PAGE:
connect_str  =  "Get connection string for your Azure storage account"
    blob_service_client  =  BlobServiceClient.from_connection_string(connect_str)
    container_client  =  blob_service_client.get_container_client(container_name)
    return  container_client


Setup connection to message queue system.

def  setup_rabbit_message_queue():
    rabbitmq_host  =  'localhost'
    rabbitmq_port  =  5672
    rabbitmq_username  =  'guest'
    rabbitmq_password  =  'guest'
    queue_name  =  'review-picture-queue'

    # Initialize RabbitMQ connection and channel with authentication
    credentials  =  pika.PlainCredentials(rabbitmq_username, rabbitmq_password)
    connection  =  pika.BlockingConnection(pika.ConnectionParameters(host=rabbitmq_host,port=rabbitmq_port,credentials=credentials))
    channel  =

    # Declare a queue for sending messages
    return  queue_name,connection,channel

To keep this blog post brief, I will not be able to jump into all the details regarding setting up RabbitMQ on your local system. Please refer to this 10-minute video for details on setting up this sub-system.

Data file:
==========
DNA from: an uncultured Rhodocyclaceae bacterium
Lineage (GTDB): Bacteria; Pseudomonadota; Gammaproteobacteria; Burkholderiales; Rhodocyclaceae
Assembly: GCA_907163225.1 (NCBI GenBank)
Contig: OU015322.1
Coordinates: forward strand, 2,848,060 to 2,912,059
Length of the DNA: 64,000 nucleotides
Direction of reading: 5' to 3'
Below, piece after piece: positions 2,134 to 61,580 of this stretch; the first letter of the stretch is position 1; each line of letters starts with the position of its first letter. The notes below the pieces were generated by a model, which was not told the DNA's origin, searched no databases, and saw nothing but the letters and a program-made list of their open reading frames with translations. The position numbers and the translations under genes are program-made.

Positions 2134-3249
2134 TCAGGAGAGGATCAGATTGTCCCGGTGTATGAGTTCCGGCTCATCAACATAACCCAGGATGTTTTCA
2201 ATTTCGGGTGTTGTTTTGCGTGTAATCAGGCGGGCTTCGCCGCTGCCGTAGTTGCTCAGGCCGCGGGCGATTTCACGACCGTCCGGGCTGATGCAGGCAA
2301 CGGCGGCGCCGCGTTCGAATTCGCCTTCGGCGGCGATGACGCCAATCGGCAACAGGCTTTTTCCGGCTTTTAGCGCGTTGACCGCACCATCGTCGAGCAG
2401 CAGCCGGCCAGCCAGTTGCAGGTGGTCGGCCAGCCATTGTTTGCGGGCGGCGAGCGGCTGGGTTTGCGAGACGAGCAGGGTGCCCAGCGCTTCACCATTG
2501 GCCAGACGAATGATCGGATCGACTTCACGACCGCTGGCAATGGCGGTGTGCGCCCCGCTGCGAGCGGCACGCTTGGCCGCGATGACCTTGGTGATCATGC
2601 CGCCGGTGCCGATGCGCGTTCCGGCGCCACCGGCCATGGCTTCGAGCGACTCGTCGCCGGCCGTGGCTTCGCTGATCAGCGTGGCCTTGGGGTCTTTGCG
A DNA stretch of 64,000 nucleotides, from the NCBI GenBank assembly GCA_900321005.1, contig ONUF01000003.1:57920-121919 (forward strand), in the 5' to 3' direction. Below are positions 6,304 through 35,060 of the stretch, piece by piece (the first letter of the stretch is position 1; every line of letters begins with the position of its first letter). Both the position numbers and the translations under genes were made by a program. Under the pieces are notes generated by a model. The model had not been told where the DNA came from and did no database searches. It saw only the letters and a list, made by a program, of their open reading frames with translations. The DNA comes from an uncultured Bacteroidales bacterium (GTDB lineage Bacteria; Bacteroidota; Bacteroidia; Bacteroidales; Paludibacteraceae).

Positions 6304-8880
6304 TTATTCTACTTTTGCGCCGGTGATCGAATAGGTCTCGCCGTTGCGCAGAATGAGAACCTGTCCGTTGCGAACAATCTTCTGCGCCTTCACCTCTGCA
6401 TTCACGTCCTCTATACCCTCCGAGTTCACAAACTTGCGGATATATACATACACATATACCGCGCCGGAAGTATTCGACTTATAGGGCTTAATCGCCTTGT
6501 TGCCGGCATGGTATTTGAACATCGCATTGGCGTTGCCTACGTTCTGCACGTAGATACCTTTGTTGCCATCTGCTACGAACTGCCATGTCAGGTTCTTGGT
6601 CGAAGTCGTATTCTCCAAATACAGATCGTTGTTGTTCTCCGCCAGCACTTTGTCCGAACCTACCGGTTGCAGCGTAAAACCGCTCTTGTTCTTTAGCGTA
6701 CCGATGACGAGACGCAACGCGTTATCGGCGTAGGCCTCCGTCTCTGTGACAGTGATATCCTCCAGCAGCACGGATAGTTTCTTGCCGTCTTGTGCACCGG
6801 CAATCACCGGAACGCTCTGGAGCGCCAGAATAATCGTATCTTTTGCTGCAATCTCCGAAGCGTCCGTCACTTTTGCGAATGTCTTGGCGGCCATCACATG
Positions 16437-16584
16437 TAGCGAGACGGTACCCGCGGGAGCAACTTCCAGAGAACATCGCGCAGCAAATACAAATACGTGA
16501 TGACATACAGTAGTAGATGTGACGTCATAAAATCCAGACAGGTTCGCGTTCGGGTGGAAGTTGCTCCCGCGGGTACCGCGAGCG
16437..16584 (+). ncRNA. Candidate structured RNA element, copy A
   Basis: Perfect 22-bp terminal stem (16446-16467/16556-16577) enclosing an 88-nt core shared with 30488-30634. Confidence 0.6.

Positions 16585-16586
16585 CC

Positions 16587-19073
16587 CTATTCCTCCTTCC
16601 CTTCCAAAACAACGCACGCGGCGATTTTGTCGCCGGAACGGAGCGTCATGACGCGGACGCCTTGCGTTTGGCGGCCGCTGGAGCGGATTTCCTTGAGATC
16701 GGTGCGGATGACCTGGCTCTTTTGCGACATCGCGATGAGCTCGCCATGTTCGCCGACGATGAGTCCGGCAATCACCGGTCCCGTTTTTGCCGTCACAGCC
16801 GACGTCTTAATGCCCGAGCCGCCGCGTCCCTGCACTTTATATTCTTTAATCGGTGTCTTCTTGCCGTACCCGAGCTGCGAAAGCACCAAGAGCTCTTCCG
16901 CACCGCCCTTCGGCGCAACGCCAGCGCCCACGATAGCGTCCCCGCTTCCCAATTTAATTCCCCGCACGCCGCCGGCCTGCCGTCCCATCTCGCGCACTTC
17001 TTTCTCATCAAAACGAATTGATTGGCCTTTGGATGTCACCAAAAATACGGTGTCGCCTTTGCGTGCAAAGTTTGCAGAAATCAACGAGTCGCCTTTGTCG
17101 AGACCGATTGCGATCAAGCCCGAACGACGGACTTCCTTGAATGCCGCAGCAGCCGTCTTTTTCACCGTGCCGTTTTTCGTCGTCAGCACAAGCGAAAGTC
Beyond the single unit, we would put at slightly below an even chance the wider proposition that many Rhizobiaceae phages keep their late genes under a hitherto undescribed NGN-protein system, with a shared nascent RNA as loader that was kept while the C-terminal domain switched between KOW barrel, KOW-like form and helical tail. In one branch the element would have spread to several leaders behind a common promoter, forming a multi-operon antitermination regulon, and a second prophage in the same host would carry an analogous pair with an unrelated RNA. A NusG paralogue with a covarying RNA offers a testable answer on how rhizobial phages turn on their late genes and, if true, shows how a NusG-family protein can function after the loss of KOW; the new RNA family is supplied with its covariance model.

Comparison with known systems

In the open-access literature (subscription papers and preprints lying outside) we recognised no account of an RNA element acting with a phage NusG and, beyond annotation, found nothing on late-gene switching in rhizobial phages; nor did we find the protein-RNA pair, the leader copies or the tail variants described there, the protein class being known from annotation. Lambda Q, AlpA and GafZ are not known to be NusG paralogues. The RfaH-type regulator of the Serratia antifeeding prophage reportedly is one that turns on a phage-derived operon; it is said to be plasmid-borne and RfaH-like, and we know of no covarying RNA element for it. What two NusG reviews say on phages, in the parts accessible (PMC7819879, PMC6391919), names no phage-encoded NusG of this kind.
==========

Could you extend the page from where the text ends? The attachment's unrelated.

This blog post does a great job of setting up RabbitMQ with “docker-compose.” It’s a light weight way to setup stuff in your environment.

Easy RabbitMQ Deployment with Docker Compose (


def  store_picture_on_disk(frame):
    timestamp  =  time.strftime("%Y%m%d%H%M%S")
    filename  =  f"image_{timestamp}.jpg"
    cv2.imwrite(filename, frame)
    return  timestamp,filename

In our final blog post, we’ll use NodeJs to load the COCO-SSD model into memory and let it comment upon the image in question.

You can check out the code solution in progress at the following github repository.

Check out object-detection.js to see how how object detection will work. Check out for a completed version of this tutorial.

If you’re wanting to learn more about TensorFlowJS and Machine Learning stuff, our Orlando Google Developer Group will be organizing a fun 1 day community conference on Oct 14th.

Join us for DevFest Florida – Oct 14

AI | Mobile | Web | Cloud | Community